Tempelhof referendum

After this weekend’s failed referendum, forced by Berliners wishing to keep it open, Tempelhof, the Berlin Airlift airport, used during the Cold War to support the Western part of the City, landlocked by the Soviets, will be closed in October. It’s reasonable: it’s too close to the City centre, surrounded by residential areas, and the runways are too short for modern jets. The terminal, one of the biggest buildings in Europe, built from 1936 to 1941 by Ernst Sagebiel (according to Albert Speer’s plan for rebuilding Berlin, or "Germania", the new world’s capital), should be preserved.


Full employment in France

Mr Sarkozy said it loud and clear tonight, on TF1: "Plein emploi". Full employment. Looking for something to illustrate this post, I've found this excellent video, and I've also found out that Mr Fillon had already used those two magic words.

Let's recapitulate: we have a president that was elected because of its liberal program. He was going to put France to work. He and his prime minister. Work more to earn more, they say. At the same time, he also tried to convince us that he was the one who could talk Mr Mittal (above all people...) to keep Gandrange open, and this is not very liberal-like, it sounds more like populism. Cheap populism, which is what you get when you try to marry 400 years of Colbertism with freshly found liberalism in a country accused by sacrosanct Liberal England of wasting half of the European budget on its cows. And now they've also discovered Mr. Maynard Keynes. All in one year or, by the Luxembourgish calendar, between 2 Schueberfouers.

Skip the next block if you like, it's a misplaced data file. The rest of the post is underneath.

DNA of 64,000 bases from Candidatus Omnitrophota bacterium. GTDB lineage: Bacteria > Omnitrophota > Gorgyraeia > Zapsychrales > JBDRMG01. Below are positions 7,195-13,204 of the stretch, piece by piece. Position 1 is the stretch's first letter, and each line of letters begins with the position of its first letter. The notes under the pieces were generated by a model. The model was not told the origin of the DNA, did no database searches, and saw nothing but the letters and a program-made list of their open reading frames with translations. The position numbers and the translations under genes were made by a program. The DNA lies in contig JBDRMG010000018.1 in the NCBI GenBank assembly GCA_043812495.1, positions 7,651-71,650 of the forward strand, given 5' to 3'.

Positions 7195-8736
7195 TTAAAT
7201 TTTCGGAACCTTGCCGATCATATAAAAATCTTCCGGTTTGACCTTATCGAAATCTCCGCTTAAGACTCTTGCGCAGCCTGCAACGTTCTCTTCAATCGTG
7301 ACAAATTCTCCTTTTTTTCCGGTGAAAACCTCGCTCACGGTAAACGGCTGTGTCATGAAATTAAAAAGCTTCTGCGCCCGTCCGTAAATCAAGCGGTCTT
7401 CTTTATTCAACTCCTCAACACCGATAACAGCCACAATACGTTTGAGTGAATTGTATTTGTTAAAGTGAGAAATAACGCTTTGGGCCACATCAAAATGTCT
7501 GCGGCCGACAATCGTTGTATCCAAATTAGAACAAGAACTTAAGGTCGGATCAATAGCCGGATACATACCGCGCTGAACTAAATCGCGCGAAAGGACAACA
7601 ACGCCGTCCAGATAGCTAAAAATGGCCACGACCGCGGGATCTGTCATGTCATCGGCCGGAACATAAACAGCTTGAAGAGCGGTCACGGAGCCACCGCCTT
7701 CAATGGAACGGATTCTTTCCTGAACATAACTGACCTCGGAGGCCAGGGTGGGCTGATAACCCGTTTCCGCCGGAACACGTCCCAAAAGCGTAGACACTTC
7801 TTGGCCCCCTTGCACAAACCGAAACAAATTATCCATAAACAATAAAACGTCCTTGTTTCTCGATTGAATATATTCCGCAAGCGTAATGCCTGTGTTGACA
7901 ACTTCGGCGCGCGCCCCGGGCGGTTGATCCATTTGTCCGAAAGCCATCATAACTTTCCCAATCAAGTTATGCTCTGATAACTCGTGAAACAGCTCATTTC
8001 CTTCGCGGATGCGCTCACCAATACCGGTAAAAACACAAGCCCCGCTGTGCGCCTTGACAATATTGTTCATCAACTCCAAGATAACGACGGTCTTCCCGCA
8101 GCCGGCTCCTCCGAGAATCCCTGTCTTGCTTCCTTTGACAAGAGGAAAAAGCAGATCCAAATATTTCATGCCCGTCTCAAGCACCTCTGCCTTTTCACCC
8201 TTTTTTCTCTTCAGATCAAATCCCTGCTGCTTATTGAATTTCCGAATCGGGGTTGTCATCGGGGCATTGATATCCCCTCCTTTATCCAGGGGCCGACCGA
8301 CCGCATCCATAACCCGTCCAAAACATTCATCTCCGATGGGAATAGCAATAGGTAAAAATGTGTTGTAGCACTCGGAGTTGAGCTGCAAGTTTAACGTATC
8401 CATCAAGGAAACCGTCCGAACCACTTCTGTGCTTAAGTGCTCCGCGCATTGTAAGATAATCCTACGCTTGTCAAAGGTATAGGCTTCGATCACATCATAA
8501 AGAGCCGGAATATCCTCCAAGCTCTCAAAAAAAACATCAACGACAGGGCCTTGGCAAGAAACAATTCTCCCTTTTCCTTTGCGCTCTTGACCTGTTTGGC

Biofuel: filling your tank with hunger

The UN is calling for action to avoid the "silent tsunami of rising food prices which threatens to push more than 100 million people worldwide into hunger" (http://www.un.org/). Protests against rising costs of basic foods already started in Haiti, Mexico, the Philippines, Bangladesh, South Africa.... Sub-Saharan Africans continue their decades-old silent protest, dying slowly, quietly, dryly.
I recall now the bad feeling I had last year when I read about Bush's visit to ethanol-driven

Biofuel production is said to be responsible for at least one third of the recent increase in food prices. It was already being called “deforestation fuel”. Now it’s also “hunger fuel”.

But it’s bio. «Quand je dors chez mon copain, on mange tout le temps bio» (Sanseverino, «Cette conne m'ennuie»).


Big political issue

The Vel'ohs are becoming the biggest political issue in Luxembourg City, which demonstrates vehemently the opposition's improficiency. First, someone asked a professional biker to test the bikes and to let us know that they're too heavy and that the brakes are not very good (who cares? they're built to be ridden at a relaxed pace, to cruise along bike paths and enjoy the ride). Now the CSV in questioning the security of payments made with credit cards at the Vel'oh stations.


OLEFA: The next generation school portal: Made in Luxembourg

"OLEFA is a collaborative web platform for schools offering a suite of cool web applications: school website management, library management & online books , collaborative writing tools (wiki), online comics & storytelling and much more...

The school-communities of 27 townships and over 50 schools in Luxembourg currently use OLEFA, 8.948 students and teachers are using the system by now. There are 25.209 collaborative wiki pages. 116.104 books are registered in 81 libraries."